Attackers in China's restive Xinjiang region have crashed two cars into shoppers at a market, killing 31 people, Chinese media reports say.
They also threw explosives during the attack in the regional capital Urumqi. More than 90 people were injured, the state-run Xinhua news agency said.
The Ministry of Public Security called it a "violent terrorist incident".
Xinjiang, which is home to the Muslim Uighur minority, has seen a spate of attacks in the past year.
Information about incidents in the region, where ethnic tensions between Uighurs and Han Chinese continue, is tightly controlled.
Pictures on Weibo microblogs - China's equivalent of Twitter - appeared to show Thursday's attack taking place at one end of a busy market street lined with vegetable stalls.
One of the two vehicles exploded.
Analysis: BBC China Editor Carrie Gracie
The Chinese government's effort to mount a "people's war" against terror has made little headway in a climate where many Uighurs feel they are victims of discrimination, religious repression and economic marginalisation.
A foreign ministry spokesman said Beijing had the confidence and capability to crack down on terrorists. But that must now be in doubt. The number of attacks is growing. They are no longer confined to the north-west, and targets now include civilians, raising credibility questions for a government which prizes security.
During a visit to Xinjiang last month, President Xi Jinping promised greater integration and warned terrorists would be isolated "like rats scurrying across a street". But attacks like today's serve to escalate mistrust between Uighurs and the majority Han population making it even harder to resolve the underlying problems that feed the violence.
The injured were taken to several hospitals, Xinhua said.
"I saw people lying all over the place, it was a very bad sight, " one taxi driver was quoted as saying by AFP news agency. "How can they do this at a market where elderly people shop?"
Foreign Ministry spokesman Hong Lei said the attack laid bare the "anti-civilisation nature of the violent terrorists and deserves the condemnation of the world community and the Chinese people''.
The World Uyghur Congress said the authorities in the Chinese capital Beijing should not increase the crackdown in Xinjiang.
A spokesman told the BBC the violent incidents were a direct result of Beijing's policies in the region.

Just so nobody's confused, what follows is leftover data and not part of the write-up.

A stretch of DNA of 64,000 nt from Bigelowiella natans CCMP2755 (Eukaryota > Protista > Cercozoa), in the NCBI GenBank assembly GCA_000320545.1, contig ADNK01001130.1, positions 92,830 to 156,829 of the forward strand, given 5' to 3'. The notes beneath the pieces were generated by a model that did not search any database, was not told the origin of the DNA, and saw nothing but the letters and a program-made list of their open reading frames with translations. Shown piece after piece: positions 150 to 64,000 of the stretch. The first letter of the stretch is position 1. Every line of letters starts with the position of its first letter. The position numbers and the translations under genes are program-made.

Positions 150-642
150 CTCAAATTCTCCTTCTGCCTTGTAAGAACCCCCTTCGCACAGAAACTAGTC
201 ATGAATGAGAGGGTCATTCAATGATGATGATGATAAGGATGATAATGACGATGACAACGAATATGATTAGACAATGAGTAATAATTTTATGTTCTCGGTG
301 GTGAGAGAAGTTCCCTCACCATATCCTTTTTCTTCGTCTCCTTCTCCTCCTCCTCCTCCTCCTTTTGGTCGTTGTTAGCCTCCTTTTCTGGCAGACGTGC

A flight from Shanghai to Urumqi on Thursday was diverted and landed at Nanjing for security reasons, Xinhua reported.
Separately, new security measures have been announced for key areas of Beijing.
Eyewitness: Weibo user "Manga" (漫画)
I didn't go downstairs because I was scared. I was the only one [at home]. I was worried for my safety. I heard the first two blasts, like a thunderstorm, and I thought it was one. Then there were another three to four explosions, and then smoke billowing, and everybody downstairs was running... The ambulances arrived immediately (within 10 minutes), then came a police car. More ambulances, fire trucks and police cars arrived within 30 minutes.
Xinjiang lies in China's far west, bordering Central Asia.
China says it is pouring money into the region, but some Uighurs say their traditions are being crushed.
In 2009, tensions erupted. Riots in Urumqi left some 200 people dead.
Uighurs and Xinjiang
- Uighurs are ethnically Turkic Muslims
- They make up about 45% of the region's population; 40% are Han Chinese
- China re-established control in 1949 after crushing short-lived state of East Turkestan
- Since then, there has been large-scale immigration of Han Chinese
- Uighurs fear erosion of their traditional culture
Beijing has blamed a series of violent incidents on Uighur separatists. These include an attack in Beijing, where a car ploughed into pedestrians in Tiananmen Square, killing five people, and attacks at railway stations in Urumqi and Kunming.
Earlier this week, Chinese courts jailed 39 people as part of what the authorities called an operation to curb the spread of audio and video materials inciting terrorism.
Those jailed included a 25-year old who had incited hatred in comments made in chat rooms and a father who had preached extremism to his son, the Xinjiang Supreme Court said.